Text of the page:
We all know the buzzwords, and we’re all guilty of the occasional eye-roll when we hear them wheeled out: sustainability, eco-friendly, green, ESG. The message now is that companies must all be ecologically aware and mindful of their impact on the environment and that customers and investors are ever-more attracted to enterprises which build this kind of awareness into the fabric of their operation.

Examples of this are easy to find in the corporate world. Adidas has moved to eliminate harmful dyes from its manufacturing processes and is working to minimize the use of non-biodegradable plastic. Coca-Cola has set ambitious targets on water replenishment, while Unilever has reduced its use of unsustainable palm oil. Even Nestlé, once the great corporate Satan and target for student protests everywhere, is committed to the UN Sustainable Development Goals (SDGs).


This is all highly visible. It has come together in an unlikely two-pronged media attack: from one end of the scale, the 17-year-old Swedish schoolgirl Greta Thunberg, already nominated twice for the Nobel Peace Prize and the main attraction at last year’s UN Climate Action Summit, and from the other, Sir David Attenborough, the 94-year-old doyen of wildlife documentaries and easily the world’s most famous and influential natural historian, who has recently released the Netflix-backed A Life on Our Planet, his “witness statement” on climate change.

These two are in great demand, as authentic voices with no axe to grind except that of averting ecological disaster, but they overlie a fundamental truth that, in business terms, is hugely significant: Get sustainable, or die.

Being green, however, cannot simply be a PR gloss. The other watchword of the current age is ‘authenticity,’ which the public can see (or discern its absence) with extraordinary acuity. As the marketing mastermind Neil Patel puts it simply, “The best way to be perceived as authentic is to BE authentic, so build a purpose for your business beyond making a buck.”


What this means is that a company’s green credentials have to be real, have to be visible and have to translate into action. One way to help work toward that goal would be to have a member of the C-suite exclusively responsible for environmental concerns. Let’s call him or her the chief sustainability officer (CSO).

Why does sustainability need dedicated representation at the very top of an organization? Surely green concerns fall within the purview of the CEO, and have input from finance, marketing and data. They can, of course, but the beauty of appointing a CSO is that it is not only a signal, but a signal that, by its very existence, transforms behavior.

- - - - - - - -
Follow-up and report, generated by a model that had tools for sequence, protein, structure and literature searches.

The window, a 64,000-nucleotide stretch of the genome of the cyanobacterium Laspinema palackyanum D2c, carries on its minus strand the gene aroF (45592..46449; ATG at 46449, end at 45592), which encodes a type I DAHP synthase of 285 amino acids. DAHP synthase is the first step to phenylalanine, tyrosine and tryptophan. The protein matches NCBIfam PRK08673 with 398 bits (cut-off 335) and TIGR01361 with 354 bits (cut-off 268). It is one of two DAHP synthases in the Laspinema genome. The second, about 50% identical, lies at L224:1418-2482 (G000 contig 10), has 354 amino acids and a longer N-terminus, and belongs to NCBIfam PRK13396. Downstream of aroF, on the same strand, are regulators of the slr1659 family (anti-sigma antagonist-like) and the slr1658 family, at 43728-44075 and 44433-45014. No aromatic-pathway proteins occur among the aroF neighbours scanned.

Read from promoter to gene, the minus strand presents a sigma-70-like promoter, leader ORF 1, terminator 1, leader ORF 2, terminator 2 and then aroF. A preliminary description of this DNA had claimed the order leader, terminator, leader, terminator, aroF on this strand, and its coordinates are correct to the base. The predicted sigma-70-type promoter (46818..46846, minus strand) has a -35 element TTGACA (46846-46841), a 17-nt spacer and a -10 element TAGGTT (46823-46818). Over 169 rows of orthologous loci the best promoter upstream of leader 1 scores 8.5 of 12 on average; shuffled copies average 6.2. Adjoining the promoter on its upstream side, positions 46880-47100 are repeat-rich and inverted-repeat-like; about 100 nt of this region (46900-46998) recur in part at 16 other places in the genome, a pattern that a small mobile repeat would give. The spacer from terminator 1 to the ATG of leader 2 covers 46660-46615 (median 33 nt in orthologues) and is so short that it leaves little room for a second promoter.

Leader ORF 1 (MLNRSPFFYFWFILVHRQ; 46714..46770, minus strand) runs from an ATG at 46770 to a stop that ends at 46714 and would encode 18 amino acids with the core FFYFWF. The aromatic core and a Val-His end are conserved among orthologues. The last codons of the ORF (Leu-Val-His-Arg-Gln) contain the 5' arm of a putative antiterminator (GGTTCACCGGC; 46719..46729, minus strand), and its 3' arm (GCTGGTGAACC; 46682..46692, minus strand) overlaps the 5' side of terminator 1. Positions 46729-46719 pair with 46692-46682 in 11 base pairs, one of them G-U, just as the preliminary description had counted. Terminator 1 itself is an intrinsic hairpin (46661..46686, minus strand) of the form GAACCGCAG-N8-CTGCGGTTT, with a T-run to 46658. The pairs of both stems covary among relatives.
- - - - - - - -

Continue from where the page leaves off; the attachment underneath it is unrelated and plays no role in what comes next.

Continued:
Imagine, for example, that every C-suite meeting involved the company’s new plans having their feet held to the sustainability fire. A new factory in Arizona? Great! So how will it be powered? What contribution will renewable energy make? What are the public transportation links like? How will it interact with the local community and the local ecosystems? It would not be long before asking questions like this became reflexive, a natural instinct within the decision-making process.

Business is also about people. Everyone scoffs at the idea of self-promotion and self-regard, but imagine if environmental activists, potential investors and prospective clients could look through a list of the U.S.’s top 20 chief sustainability officers, or the CSO of, say, Amazon or Google was the headline act at a major industry conference. Environmentalism still bears the faint whiff of the crank—did you vote for Ralph Nader? Do you know who the Green Party’s presidential nominee is? Thought not—but this could be a huge step in further mainstreaming sustainability and ESG, making it part of companies’ very DNA.

Play around with the idea. Imagine the sort of person you could appoint as a CSO. Maybe not just another corporate suit (although, you’d want someone with a good business brain); maybe a lobbyist who knows the inner workings of Capitol Hill as well as Wall Street and can turn your idealistic plans into hard action; maybe a brilliant science PhD with first-class communication skills; maybe a former regulator who has tired of being a gamekeeper and fancies a spell as a poacher. Think of what that voice could bring to the table when decisions are made. Think of the new perspectives, the new ideas, the new networks.

It was that corporate titan Kermit the Frog who reminded us it’s not easy being green. But it’s vital, and it’s exciting. The business world is bursting with possibilities, and if you can imagine it, then you can do it.

Eliot Wilson is the cofounder of Pivot Point, a change management, strategy and PR consultancy based in London.